I’m a sucker for real-life dramas like Life Below Zero. This show follows the lives of several people who essentially live off the land – or the subsistence lifestyle.
There’s a lot to be learned from these folks who have forsaken “having it all” and have chosen a more simple way of life. They are not wealthy, but they seem to be some of the most satisfied people I’ve seen on TV.
One of the shows more interesting characters is a man by the name of Glenn Villeneuve. He lives in the Brooks Range of Alaska in a small cabin he built by himself. He doesn’t have a vehicle, or many of the modern day conveniences – but hunts for all his food and knows a lot about living off-grid.
According to a Facebook interview he gave in 2013, he still works some of the time in the business world so he can support a subsistence life. Viewers don’t get any insight as to his family life either – but is a father of 4 children. Something that I find a bit troubling (“Why would you leave your kids behind to chase a lifestyle dream?”).
The other shows characters all live the life full-time. And reside in the “last frontier”: Alaska.
Having watched several of the seasons in my spare time, there’s a few things I’ve learned from the way they live.
Experiences are priceless
A golden nugget that I’ve gathered from watching the people live off the land is how much they cherish the experience of life in nature and having to make due with what the wild provides them. One family (the Hailstones), seems to really enjoy their life of hunting, fishing and then trading when they need something. They spend a lot of time teaching their children too so they can one day live a subsistence lifestyle. All seem to place a high value on experiences over accumulation / possessions and appear to be happier for it.
You don’t need much
Watching the show brings to mind some of the conversations we’ve had with our tiny home dweller, LaMar Alexander. Many of the subsistence folks live in very small residences and don’t have a lot of things. Resourcefulness is a word that comes to mind after watching some of the things they are able to build and achieve with limited tools.
Contentedness is a byproduct
Another thing that surprises me about the people who are living off the land is they seem to be very content and comfortable with themselves. My guess is that many years of living on your own produces a certain amount of intrinsic rewards that boost a healthy self-image. The lifestyle also seems to humble its participants (which could result in contentedness).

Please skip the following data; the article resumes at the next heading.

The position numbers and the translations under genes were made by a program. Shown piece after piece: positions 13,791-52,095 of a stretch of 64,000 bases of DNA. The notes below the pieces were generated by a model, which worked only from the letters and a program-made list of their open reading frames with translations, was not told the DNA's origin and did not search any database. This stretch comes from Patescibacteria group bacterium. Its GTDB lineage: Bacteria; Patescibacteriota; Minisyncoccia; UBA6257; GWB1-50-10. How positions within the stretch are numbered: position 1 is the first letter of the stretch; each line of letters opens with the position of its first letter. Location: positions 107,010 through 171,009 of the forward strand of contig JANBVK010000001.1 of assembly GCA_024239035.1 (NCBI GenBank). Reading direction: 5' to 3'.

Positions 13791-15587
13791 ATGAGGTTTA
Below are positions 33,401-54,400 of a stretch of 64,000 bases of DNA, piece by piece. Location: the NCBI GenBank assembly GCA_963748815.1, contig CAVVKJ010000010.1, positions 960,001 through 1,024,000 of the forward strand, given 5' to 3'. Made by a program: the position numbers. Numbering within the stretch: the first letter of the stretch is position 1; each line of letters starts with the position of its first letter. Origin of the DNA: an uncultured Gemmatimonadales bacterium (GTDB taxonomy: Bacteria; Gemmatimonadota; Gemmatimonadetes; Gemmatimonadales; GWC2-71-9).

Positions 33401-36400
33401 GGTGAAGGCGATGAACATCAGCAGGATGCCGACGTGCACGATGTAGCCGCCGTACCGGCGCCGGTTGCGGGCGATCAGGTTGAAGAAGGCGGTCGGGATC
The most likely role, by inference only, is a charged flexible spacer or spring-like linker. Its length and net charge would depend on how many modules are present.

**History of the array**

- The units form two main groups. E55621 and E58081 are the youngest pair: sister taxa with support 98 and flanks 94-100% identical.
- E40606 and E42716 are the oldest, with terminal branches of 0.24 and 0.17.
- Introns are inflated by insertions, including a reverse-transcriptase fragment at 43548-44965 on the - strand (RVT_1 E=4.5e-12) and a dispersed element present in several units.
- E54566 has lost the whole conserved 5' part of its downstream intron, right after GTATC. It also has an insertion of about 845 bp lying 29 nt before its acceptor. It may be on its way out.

Take advantage of opportunities
One of the themes that reverberates among the cast of characters is this idea of being “opportunistic”. Many will go hunting for a particular animal, only to spot another and then go after that. They don’t know if they’ll ever get a chance to shoot their desired meal – so they have to take advantage of what is available to them.
Life is an adventure
One of the things that I often forget in my world of working in a traditional, 9-5 corporate job is that life is to be lived – it is an adventure. Sometimes, one day at my job seems to be like any other, without a lot of stimulation and it can leave you a bit dull. This sense of adventure and living life on the edge seems to be present with those living a subsistence life. They need to step up and make things happen or they don’t eat. I’m sure it is be very exhilarating, challenging and rewarding.
You can do alot without money
The Hailstone family seems to do very little with money (In fact I’ve never seen them exchanging dollars for goods). Since their primary job is hunter / gatherers – they will trade food for any other material things they need with people in their village. While this could be due to the culture they’re from – trading seems to be a necessity when living in the bush. I sometimes wonder if I could employ this more in my every day life too.
I’m curious if you’ve seen the show too – and some of the things you’ve observed? Or, perhaps you’ve lived (are living) a subsistence lifestyle?